St John Ambulance says there should be a trained first aider at every football match across the Ballarat region.
The call comes after parents were praised for their quick thinking in calling triple-0 after a teenager suffered suspected neck injuries in Beaufort at the weekend.
Paramedics assessed the Crows player and opted to airlift him to The Alfred hospital in Melbourne as a precaution when he complained of neck pain.
The close shave prompted many to question what level of first aid is needed in all Goldfields footy games.
St John Ambulance Victoria general manager John Kazanas said his medical volunteers regularly worked with junior football clubs in Ballarat.
“We recommend that there is always a trained first aider trained to St John standard at every game with an appropriate first aid kit and a defibrillator,” he said.
“Depending on the size of the crowd, we also recommend that an event health services provider such as St John is also used to complement the trained first aiders at the games and reduce the risk where there is a crowd gathering such as football games.”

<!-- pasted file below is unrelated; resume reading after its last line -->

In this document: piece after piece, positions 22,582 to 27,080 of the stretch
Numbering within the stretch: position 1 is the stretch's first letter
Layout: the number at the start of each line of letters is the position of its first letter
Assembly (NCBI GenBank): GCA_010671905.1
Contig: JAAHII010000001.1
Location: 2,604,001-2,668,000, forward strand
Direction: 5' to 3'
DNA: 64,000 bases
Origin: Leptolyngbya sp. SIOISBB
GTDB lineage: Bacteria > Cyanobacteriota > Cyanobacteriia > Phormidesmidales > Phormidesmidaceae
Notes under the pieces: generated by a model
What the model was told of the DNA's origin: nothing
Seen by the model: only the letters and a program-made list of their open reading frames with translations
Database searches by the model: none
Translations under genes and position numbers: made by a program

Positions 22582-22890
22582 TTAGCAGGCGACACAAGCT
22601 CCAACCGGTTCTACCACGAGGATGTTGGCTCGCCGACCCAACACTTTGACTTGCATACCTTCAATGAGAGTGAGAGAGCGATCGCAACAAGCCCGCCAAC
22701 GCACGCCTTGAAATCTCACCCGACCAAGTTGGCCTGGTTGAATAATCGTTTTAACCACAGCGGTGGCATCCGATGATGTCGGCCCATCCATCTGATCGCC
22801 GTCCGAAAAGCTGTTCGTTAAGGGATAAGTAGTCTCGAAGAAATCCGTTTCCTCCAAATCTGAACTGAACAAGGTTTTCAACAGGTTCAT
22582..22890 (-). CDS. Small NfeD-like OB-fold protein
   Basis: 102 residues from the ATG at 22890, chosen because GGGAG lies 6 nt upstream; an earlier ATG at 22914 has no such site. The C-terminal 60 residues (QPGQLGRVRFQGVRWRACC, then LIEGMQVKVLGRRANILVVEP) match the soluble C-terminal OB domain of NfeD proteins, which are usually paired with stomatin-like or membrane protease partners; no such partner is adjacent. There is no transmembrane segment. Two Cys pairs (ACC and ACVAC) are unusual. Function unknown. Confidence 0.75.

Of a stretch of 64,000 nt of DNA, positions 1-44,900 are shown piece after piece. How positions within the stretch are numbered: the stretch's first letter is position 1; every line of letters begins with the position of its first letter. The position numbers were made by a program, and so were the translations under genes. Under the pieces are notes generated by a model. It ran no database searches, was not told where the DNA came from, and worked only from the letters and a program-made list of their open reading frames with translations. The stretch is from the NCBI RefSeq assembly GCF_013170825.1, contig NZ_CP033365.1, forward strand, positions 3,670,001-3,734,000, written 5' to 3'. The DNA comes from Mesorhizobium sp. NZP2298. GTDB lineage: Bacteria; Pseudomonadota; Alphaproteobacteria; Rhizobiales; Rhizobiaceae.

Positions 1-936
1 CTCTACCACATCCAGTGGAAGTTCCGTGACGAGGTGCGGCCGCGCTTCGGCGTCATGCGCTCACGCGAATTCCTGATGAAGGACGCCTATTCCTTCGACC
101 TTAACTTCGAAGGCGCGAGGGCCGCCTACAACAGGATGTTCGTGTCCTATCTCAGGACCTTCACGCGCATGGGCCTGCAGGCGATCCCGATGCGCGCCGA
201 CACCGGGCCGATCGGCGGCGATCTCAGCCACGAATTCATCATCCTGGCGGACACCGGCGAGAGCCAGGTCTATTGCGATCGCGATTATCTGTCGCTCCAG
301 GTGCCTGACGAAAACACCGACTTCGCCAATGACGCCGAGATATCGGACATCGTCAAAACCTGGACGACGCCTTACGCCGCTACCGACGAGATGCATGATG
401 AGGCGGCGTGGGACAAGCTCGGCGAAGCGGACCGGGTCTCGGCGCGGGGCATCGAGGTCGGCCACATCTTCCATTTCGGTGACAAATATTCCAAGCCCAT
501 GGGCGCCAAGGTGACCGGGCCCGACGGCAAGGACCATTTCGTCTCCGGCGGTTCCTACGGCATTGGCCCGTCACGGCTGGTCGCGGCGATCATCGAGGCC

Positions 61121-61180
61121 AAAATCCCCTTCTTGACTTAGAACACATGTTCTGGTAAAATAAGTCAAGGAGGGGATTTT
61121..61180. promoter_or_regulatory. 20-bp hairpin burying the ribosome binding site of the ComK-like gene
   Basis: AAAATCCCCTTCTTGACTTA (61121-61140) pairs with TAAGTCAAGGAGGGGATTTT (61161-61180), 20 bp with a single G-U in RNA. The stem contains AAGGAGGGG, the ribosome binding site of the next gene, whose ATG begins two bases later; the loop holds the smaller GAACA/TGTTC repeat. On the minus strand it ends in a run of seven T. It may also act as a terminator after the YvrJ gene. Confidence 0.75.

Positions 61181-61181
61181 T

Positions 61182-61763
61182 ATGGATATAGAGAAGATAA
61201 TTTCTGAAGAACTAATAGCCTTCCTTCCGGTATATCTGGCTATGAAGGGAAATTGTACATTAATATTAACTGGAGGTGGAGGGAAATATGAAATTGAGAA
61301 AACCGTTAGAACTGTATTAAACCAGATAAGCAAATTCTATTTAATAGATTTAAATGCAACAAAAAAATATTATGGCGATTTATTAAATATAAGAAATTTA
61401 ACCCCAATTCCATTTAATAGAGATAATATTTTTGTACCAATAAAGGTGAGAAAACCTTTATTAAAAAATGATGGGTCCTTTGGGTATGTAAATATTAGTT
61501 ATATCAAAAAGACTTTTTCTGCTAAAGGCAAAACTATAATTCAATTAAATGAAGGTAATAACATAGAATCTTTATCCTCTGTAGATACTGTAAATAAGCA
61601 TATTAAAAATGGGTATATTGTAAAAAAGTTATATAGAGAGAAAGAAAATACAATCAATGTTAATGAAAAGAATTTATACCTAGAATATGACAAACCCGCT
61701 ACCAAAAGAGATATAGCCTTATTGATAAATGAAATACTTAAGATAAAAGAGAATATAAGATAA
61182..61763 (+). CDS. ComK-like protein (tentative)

St John Ambulance is a volunteer-based charity that regularly provides medical services to junior football clubs, with more than 30 active members in Ballarat.
Their dark green uniforms are a regular sight at matches but, as like most volunteer-based organisations, they still need more members to sign up.
In March, the state government launched a campaign calling on the public to save triple-0 calls for emergencies so paramedics could respond faster.
In 2015-16, calls for ambulance grew by 5.7 per cent, while Victoria’s population grew at a rate of just 1.7 per cent. While some of this growth in calls was due to genuine need, many of them were not emergencies.
An Ambulance Victoria spokesman said: “Use of air ambulance helicopters to transport to hospital is based on the patient’s clinical need following thorough assessment by paramedics at the scene”.
Use of air ambulance helicopters to transport to hospital is based on the patient’s clinical need following thorough assessment by paramedics at the sceneAmbulance Victoria spokesman